Our solution, based on https://medium.com/@sorenlind/a-deep-convolutional-denoising-autoencoder-for-image-classification-26c777d3b88e, was to use a denoising autoencoder. Autoencoders consists of an encoder and a decoder, linked by a latent vector. After training the model to generate the reference noise-free image of a product from every noisy image, you could throw away the decoder and use the latent vector to generate fingerprints: it embeds what a medicine box is, independently of acquisition noises.
The real trick was to optimize this latent vector size. Too small and you're not specific enough because you lose information. Too big and you embed noise or sparsity and fall into the curse of dimensionality.
Pimp your dataset
Still, building a dataset from scratch is time and resource-consuming. Most of the hours are spent on various and tedious data transfers, renaming, selection, and cleaning.
Generalization is mostly about varying your noise. In our case, it's mostly image background and box orientation, and a bit of luminosity, reflections, and hand obstruction. Image augmentation (gaussian noise, rotation, symmetry, etc) can help you a bit, but you can't ignore reality and the need for real-life backgrounds and orientations.
We used 2 tricks to speed up the process. First, we took videos instead of still images, while randomly rotating each box in front of the camera. Capture is greatly accelerated, and image sampling from the video could be finely tuned afterward.
Secondly, we filmed an additional video with a green screen background. A relatively simple post-processing then allowed us to embed as many backgrounds as wanted.
Trust in me
So far, we've built a model which, for each image of a video stream, generates a list of distances to every product, and therefore the best candidate. We have now to set a threshold, and decide if the product is detected or not.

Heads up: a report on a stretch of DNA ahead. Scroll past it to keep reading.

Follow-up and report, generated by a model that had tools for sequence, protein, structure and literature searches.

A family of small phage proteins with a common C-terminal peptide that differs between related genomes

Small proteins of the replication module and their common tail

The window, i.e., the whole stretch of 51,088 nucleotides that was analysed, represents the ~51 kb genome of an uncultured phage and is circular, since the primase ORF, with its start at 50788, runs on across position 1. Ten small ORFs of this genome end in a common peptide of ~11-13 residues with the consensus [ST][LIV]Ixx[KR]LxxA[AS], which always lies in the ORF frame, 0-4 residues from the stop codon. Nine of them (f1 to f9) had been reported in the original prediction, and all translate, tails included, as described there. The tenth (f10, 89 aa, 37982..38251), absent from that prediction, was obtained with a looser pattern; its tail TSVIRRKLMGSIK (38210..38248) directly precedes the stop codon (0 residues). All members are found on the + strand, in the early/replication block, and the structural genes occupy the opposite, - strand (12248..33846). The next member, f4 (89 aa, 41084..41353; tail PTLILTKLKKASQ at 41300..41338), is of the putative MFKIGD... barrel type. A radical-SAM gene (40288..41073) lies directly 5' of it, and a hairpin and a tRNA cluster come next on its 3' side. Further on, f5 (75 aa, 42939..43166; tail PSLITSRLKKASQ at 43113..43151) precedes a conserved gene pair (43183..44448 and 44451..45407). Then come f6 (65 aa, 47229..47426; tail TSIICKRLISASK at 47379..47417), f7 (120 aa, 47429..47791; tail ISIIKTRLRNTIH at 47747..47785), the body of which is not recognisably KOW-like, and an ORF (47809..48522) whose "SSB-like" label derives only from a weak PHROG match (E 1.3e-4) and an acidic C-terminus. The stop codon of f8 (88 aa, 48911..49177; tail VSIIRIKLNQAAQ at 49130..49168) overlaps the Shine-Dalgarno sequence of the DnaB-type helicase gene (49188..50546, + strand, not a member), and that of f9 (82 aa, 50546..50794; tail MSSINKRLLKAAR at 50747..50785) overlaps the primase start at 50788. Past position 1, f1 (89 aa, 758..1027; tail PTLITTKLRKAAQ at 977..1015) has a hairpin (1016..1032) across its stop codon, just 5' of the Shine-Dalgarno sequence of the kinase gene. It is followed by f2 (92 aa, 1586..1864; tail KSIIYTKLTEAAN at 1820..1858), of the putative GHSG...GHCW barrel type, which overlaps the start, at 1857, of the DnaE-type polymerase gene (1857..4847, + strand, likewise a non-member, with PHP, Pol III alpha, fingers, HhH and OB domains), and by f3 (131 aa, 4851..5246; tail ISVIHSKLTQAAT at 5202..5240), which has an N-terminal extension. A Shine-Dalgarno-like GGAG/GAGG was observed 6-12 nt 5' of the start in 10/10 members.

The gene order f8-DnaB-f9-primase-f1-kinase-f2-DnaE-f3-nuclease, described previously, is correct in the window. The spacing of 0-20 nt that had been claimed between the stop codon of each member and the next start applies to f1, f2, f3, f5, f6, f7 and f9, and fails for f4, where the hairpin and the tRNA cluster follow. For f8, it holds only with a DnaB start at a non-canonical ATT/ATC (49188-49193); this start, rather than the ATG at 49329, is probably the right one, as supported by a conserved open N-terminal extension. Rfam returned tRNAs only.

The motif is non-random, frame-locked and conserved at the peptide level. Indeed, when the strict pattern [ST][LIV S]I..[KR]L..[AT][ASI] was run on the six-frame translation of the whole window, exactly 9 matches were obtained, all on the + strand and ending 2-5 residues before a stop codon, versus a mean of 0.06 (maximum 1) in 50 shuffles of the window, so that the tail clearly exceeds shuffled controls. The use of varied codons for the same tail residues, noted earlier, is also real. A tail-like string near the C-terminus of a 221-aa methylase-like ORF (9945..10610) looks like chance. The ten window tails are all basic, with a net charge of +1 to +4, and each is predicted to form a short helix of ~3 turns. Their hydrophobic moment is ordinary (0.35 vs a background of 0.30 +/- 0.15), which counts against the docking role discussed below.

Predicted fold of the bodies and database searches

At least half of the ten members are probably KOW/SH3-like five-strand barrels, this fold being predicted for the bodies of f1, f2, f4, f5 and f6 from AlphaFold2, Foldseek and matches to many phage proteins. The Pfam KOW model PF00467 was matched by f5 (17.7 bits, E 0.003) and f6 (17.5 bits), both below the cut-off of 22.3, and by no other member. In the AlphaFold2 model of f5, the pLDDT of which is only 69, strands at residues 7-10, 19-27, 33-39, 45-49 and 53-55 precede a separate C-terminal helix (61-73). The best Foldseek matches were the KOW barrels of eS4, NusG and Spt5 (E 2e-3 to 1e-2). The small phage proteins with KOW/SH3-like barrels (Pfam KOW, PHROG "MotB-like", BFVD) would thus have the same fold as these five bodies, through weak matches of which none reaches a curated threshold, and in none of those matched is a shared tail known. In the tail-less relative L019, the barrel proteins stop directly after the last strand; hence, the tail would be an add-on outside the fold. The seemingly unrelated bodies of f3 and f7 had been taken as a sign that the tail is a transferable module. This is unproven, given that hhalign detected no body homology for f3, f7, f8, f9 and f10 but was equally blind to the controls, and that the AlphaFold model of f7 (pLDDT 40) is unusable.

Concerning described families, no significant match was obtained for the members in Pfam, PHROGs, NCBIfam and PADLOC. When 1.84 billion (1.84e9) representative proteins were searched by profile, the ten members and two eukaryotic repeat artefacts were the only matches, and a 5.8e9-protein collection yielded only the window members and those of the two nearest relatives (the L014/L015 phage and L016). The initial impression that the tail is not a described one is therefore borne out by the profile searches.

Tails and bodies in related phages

There is always a tradeoff in classification between specificity and sensitivity. Too high a threshold and we will see products where there are none (false positive). Too low a threshold and we will miss detection (false negative).
There is no right or wrong choice. It depends on the use cases and your user's acceptance of false positives and negatives.
The best of both worlds
Ultimately, the goal is to help your users. And most of the time you want to bundle trust in your answer, not bother them with informed consent.
Our case however is typical of a lot of Machine learning applications: good enough to show some magic, be not enough to be reliable.
To greatly improve our performance, we built an additional model to run parallel to our denoising autoencoder classifier. Its only role was to detect medical boxes and act as a first-stage filter before product classification.
This time, a CNN with transfer learning did the job perfectly. Because detecting medical boxes mostly means discerning them from daily objects and animals.
If better is possible, good is not enough
Together, the 2 models offer an accuracy of around 95%. An honorable performance in ML, especially from a small dataset.
In the end, we unfold a market reality. First, 5% of false results is still unacceptable for a medicine. Misidentifying a product to a patient or a custom agency could result in a serious health hazard. Secondly, pharmacists systematically work around the problem by using 100% accurate barcode stickers provided by their wholesalers.
Ultimately we had to kill the project and focus on pharmacy management software. That being said we learned a lot and proved to ourselves that developing a production-ready solution with limited resources and existing tools was possible.